Varadkar is setting a blistering pace but real race has not even started yet
BEING Leo must be exhausting. As well as the self-imposed ban on Saturday lie-ins, the Taoiseach has decided he wants to have the answer to every question, a joke for every occasion and a word for everybody.
The stamina displayed by Leo Varadkar since he took office 100 days ago is quite remarkable to witness at close quarters.
His detractors say he is trying to create a cult, which would suggest that the Fine Gael leader sees himself as a messiah.
As the ‘Republicans of Opportunity’ gathered in Tipperary this week, the atmosphere was buoyant but workmanlike.
There was no sniping or whispering in the corridors about the boss or the latest opinion polls.
For the first time, the media was invited into the parliamentary party meeting for the Taoiseach’s opening address. If nothing else, it saved TDs texting us their version of what went on.
Mr Varadkar spoke for more than 20 minutes, addressing the big issues of the day – going off-script three times to joke about the potential of Mayo winning the All-Ireland final; defending Garda reforms and announcing plans to change Nama’s remit.
He attempted to make it look like it was ‘top of the head’ stuff – but with Mr Varadkar, nothing happens by accident.
It was low-hanging fruit for us in the media to scurry out to our laptops and furiously tap up copy on the latest ruse for resolving the housing crisis.
Mr Varadkar talked about his personal interest in fixing health and warned that Dublin must continue to compete for foreign direct investment “but not at the expense of the rest of the country”.
One minister remarked afterwards: “There was more in that speech than in most of Enda’s combined. I can’t ever remember Enda talking about health or housing like that.”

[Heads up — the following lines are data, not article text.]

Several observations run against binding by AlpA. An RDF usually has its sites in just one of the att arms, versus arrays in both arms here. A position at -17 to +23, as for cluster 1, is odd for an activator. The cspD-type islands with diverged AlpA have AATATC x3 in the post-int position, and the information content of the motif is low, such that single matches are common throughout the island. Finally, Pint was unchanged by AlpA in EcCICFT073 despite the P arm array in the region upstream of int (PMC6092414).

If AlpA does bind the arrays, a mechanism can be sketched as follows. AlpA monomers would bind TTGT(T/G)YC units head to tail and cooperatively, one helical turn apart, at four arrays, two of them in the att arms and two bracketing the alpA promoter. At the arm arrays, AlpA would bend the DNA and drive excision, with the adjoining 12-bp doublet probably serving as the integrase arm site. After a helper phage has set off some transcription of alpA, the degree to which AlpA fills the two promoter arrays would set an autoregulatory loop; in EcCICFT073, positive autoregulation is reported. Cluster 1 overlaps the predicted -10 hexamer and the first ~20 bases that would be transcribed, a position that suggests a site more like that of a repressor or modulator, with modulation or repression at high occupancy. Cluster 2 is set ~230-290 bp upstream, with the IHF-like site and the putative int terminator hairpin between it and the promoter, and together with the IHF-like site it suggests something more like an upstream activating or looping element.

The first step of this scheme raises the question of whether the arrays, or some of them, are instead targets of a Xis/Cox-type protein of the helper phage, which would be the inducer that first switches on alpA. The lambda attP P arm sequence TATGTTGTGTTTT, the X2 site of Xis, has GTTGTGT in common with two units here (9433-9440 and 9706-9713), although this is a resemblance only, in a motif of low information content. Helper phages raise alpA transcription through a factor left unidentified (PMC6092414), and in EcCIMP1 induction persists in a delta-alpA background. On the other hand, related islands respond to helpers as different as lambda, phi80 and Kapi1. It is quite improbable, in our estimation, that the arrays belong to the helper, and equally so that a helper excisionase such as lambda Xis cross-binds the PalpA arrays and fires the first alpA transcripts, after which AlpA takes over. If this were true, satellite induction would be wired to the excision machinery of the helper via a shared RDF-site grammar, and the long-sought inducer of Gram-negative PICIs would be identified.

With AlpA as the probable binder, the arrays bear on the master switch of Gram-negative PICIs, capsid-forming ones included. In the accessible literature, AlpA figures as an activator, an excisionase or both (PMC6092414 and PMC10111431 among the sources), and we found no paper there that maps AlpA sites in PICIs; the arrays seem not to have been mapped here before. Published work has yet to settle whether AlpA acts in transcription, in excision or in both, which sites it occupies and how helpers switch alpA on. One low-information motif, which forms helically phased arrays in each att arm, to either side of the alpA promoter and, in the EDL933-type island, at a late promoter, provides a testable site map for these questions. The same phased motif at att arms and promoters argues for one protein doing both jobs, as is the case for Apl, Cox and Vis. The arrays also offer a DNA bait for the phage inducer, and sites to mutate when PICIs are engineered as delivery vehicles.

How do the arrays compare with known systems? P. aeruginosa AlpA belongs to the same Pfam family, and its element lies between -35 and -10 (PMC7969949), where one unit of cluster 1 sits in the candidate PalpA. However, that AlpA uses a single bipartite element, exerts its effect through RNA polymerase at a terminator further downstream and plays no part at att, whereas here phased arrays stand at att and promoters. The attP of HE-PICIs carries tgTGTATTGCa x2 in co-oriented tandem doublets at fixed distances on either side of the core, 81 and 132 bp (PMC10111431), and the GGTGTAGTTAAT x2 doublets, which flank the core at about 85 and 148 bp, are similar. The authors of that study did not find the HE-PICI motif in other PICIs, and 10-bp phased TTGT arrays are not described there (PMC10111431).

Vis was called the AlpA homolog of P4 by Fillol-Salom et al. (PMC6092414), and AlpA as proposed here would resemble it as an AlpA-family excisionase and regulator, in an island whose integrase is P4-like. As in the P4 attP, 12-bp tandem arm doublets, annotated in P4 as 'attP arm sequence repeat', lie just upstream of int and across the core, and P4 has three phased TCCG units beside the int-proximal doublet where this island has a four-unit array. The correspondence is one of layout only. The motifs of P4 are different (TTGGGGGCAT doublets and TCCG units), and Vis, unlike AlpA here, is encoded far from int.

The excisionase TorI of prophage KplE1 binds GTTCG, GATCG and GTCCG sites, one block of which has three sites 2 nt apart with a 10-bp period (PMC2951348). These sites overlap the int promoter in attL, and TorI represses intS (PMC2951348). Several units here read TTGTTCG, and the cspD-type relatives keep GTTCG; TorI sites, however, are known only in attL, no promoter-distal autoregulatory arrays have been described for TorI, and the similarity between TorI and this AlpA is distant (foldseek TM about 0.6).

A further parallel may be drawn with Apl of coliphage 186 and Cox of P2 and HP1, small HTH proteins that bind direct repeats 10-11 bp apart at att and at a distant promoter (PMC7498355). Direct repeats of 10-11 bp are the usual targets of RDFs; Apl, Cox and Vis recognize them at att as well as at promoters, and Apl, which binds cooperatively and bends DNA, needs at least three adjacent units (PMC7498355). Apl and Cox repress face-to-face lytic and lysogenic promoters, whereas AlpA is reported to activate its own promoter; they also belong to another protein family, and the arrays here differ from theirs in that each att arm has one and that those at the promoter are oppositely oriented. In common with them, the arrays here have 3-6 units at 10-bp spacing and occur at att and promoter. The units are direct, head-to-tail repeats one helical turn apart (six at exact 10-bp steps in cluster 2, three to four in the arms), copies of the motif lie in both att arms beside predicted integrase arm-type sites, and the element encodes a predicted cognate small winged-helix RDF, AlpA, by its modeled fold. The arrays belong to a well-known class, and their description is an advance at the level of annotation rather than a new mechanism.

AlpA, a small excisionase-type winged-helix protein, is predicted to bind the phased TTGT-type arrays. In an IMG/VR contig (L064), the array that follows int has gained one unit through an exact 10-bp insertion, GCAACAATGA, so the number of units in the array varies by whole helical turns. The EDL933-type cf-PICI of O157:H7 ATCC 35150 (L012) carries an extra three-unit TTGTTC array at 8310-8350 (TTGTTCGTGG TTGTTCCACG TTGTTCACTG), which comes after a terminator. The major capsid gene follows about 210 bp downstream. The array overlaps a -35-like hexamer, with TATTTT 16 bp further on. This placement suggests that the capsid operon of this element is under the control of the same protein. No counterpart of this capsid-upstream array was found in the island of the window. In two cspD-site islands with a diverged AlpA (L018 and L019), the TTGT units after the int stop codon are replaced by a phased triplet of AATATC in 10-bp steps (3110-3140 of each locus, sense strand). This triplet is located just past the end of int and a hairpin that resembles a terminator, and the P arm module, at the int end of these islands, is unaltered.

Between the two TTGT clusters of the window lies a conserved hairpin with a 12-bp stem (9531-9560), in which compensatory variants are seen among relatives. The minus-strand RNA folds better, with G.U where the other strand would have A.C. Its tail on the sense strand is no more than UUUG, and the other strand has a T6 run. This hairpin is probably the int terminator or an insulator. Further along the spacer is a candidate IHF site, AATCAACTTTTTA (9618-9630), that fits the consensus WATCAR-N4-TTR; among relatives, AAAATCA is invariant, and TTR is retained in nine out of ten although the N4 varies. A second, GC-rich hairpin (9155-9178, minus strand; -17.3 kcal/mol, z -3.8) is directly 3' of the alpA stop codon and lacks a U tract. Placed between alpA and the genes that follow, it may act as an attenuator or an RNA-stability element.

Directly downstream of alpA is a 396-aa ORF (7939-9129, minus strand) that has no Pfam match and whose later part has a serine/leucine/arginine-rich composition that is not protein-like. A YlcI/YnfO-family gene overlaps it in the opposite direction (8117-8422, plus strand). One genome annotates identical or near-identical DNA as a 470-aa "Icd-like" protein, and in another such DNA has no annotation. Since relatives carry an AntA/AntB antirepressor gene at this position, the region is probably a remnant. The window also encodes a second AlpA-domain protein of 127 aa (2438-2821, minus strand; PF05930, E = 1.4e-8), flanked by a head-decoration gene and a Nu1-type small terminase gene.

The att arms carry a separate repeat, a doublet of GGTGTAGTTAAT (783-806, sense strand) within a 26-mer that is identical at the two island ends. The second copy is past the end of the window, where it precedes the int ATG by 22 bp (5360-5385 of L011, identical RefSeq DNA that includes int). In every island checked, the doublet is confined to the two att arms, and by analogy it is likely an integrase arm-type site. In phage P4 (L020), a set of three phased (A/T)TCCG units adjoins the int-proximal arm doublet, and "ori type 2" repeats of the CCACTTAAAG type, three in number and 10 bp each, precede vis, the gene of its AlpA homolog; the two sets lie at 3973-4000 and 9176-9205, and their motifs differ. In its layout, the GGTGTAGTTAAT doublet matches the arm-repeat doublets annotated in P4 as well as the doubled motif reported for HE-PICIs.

So by mid-afternoon on the first day of the think-in, the Taoiseach had kept his troops happy and the media busy.
So far, so good for Leo – even if nobody in Fine Gael was quite sure what the substance behind their Nama plan was.
His lunchtime rallying call ended with a reference to the recently leaked letter that Barack Obama left in the Oval Office for Donald Trump.
“Like Obama, we embrace hope and aspiration, a better life as something to aspire to, something to rise up to. It’s not something that can be handed down by someone else. Aspiration shouldn’t be a dirty word. Nor should ambition,” the Taoiseach said.
The reference to Obama led to some eye-rolling but it’s all part of a game of ‘good by association’.
By evening, Mr Varadkar faced a more difficult speech – by his own standards at least.
It’s well documented that he is not entirely comfortable with small talk or, as the lads in the pub might call it, ‘banter’.
TRADITION dictates that the travelling journalists are fair game for the leader’s after-dinner speech. Expectations were low but the Taoiseach (who was the most casually dressed man in the room) came prepared.
For 23 minutes, he roasted the media in a fashion similar to Obama’s efforts at the White House correspondents’ dinner.
But he went further, joking that he wouldn’t be having a drink because of his ‘Morning Ireland’ interview – “Thanks, Dr Brian Cowen ... and Simon Coveney.”
He slagged his own love of a good photo opportunity, saying he was getting advice from Bono on toning down life as a celebrity.
And he noted how a previous political editor of the ‘Irish Times’ had a good relationship with Enda Kenny, adding that he looked forward to building a good relationship with the newspapers that people actually read.
His disciples were rolling in the aisles but Mr Varadkar wasn’t hanging around for the plaudits.
After all, he had to be up early for that RTÉ interview, where he effectively articulated the general view of George Hook.
Less than 10 minutes later, Newstalk tweeted that the broadcaster had been suspended.
Then all the Fine Gael TDs and senators were brought together for a ‘team-building’ session that involved solving puzzles.
I’m told it started out as a race but by the end they all had to work together to unlock a box. “Everybody was a winner,” said one minister out of Simon Coveney’s earshot.
There was still time for a press conference and an obligatory photograph with a bride. We can only hope that he is able to stick the pace because the real work starts when the Dáil comes back.
Taoiseach Leo Varadkar meets with newly-weds Ian and Eleanor Walsh from Kilmacow, Co Kilkenny on the final day of the Fine Gael think-in at the Minella Hotel, Clonmel, Co Tipperary. Photo: Mark Condren